One57 benefited far more from the property tax system that favors co-ops and condos than 421-a, finds a new IBO report covered by Capital New York. Almost two-thirds of the building’s tax relief came from the state-controlled system rather than the 421-a abatement, which it garnered through the now discontinued certificate purchase program. “The I.B.O. found that in the 2014 tax year, Extell received $25.4 million in tax breaks—$16 million from the assessment system and $9.4 million from 421-a.”
Could the Supreme Court ruling on the Fair Housing Act, which found that affordable housing plans could be challenged on the basis of just having a discriminatory result, rather than being intentionally discriminatory, stymie the de Blasio administration’s plans to build thousands of new affordable units in low-income, minority-heavy neighborhoods? Crain’s asks.
A building collapsed in Bed-Stuy by the corner of Fulton and Tompkins (it’s unclear why), injuring three (non life-threatening) and caused delays on the A and C lines, according to Gothamist.
Bad roommate: a Harlem man has been charged with grand larceny for donating his roommate’s designer clothes valued at $5,000 to Goodwill, according to DNAInfo. Among the items were two (?!) blue fur coats.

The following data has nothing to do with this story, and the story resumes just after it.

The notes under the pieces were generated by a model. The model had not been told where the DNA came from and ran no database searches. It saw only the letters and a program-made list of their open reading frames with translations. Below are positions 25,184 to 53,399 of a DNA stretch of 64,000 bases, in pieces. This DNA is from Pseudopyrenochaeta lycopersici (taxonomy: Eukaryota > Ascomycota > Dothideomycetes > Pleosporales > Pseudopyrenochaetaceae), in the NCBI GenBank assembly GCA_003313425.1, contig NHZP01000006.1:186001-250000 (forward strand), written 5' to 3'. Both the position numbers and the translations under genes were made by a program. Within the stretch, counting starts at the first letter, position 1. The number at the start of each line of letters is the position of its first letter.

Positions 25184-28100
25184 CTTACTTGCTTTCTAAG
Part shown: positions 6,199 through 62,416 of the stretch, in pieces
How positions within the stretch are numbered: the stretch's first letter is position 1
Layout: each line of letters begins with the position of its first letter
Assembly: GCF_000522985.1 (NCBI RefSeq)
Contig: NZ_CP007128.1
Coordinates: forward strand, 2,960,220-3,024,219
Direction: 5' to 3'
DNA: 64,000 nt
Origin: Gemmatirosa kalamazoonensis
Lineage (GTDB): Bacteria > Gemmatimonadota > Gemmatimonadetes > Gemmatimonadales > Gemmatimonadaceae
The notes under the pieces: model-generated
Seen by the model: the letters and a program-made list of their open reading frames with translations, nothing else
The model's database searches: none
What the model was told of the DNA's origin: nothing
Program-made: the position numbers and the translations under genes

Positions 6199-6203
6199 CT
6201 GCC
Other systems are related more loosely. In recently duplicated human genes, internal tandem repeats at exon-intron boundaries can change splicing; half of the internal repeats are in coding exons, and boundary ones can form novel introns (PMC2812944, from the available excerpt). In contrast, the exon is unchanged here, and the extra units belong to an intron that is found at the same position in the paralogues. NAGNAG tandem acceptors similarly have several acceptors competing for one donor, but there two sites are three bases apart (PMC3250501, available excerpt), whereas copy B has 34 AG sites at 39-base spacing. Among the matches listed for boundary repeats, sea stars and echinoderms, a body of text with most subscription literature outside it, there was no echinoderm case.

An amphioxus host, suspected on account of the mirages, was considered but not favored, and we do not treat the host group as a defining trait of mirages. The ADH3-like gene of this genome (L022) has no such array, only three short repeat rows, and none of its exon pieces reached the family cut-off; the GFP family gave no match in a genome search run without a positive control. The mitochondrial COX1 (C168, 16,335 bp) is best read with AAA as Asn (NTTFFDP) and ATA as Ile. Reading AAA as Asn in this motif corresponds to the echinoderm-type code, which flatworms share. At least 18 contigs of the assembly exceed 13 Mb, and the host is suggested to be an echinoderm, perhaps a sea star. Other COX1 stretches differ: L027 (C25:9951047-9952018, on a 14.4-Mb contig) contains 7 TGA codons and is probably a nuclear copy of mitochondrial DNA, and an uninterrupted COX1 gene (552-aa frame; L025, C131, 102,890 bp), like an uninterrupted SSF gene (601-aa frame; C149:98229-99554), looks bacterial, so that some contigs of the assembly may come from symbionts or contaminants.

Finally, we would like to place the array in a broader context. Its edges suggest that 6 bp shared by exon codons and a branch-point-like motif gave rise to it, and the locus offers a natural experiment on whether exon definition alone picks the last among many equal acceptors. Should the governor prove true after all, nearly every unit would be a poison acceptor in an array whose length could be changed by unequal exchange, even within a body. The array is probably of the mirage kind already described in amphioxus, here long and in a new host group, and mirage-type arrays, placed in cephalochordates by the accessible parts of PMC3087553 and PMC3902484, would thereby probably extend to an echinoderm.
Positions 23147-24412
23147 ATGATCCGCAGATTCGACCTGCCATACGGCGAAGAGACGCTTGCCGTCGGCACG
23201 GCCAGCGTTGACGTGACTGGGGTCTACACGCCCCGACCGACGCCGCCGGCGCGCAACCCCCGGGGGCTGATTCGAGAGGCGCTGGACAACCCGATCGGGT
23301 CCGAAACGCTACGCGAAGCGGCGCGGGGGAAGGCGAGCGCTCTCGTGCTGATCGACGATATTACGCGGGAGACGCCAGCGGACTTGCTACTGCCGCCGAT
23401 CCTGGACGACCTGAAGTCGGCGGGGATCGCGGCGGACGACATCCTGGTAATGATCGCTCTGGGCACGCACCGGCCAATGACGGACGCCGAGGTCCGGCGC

Bad bridge: After engineering studies and many avowals of its overall seaworthiness, Squibb Bridge, which leads from Brooklyn Heights to Brooklyn Bridge Park, remains closed, according to The New York Times. The bridge has been closed for almost a year.
Rent-controlled tenants—which represent a tiny fraction of the rent-regulated tenants in the city—are not covered by the rent freeze, DNAInfo reports. To raise rents, which can go up 7.5 percent a year, landlords must apply to the Division of Housing and Community Renewal, meaning that some tenants may see much greater increases than their rent-stabilized brethren. “Landlords in 2014 filed applications for increases for 6,347 buildings, of which 5,728 were granted, according to DHCR.”
Construction has begun at a 10,000-square-foot animal kennel at JFK dubbed “the ark,” whose architect has been tasked with figuring out how to dispose of thousands of poop a day, according to Crain’s: “in addition to giving temporary shelter to furry and feathered friends in transit, the Ark is designed to house dozens of horses, as well as up to 180 head of cattle that are capable of producing 5,000 pounds of poop every day.” The facility will cost $48 million to build and feature stables with non-irritating floors for horses and a dog kennel with pet massage and spa services.
Finally, Gothamist goes inside a privately-run homeless shelter in Prospect Lefferts-Gardens where rooms cost the city thousands of dollars a month—far more than the rents on comparable New York apartments (and often for far less well-maintained spaces).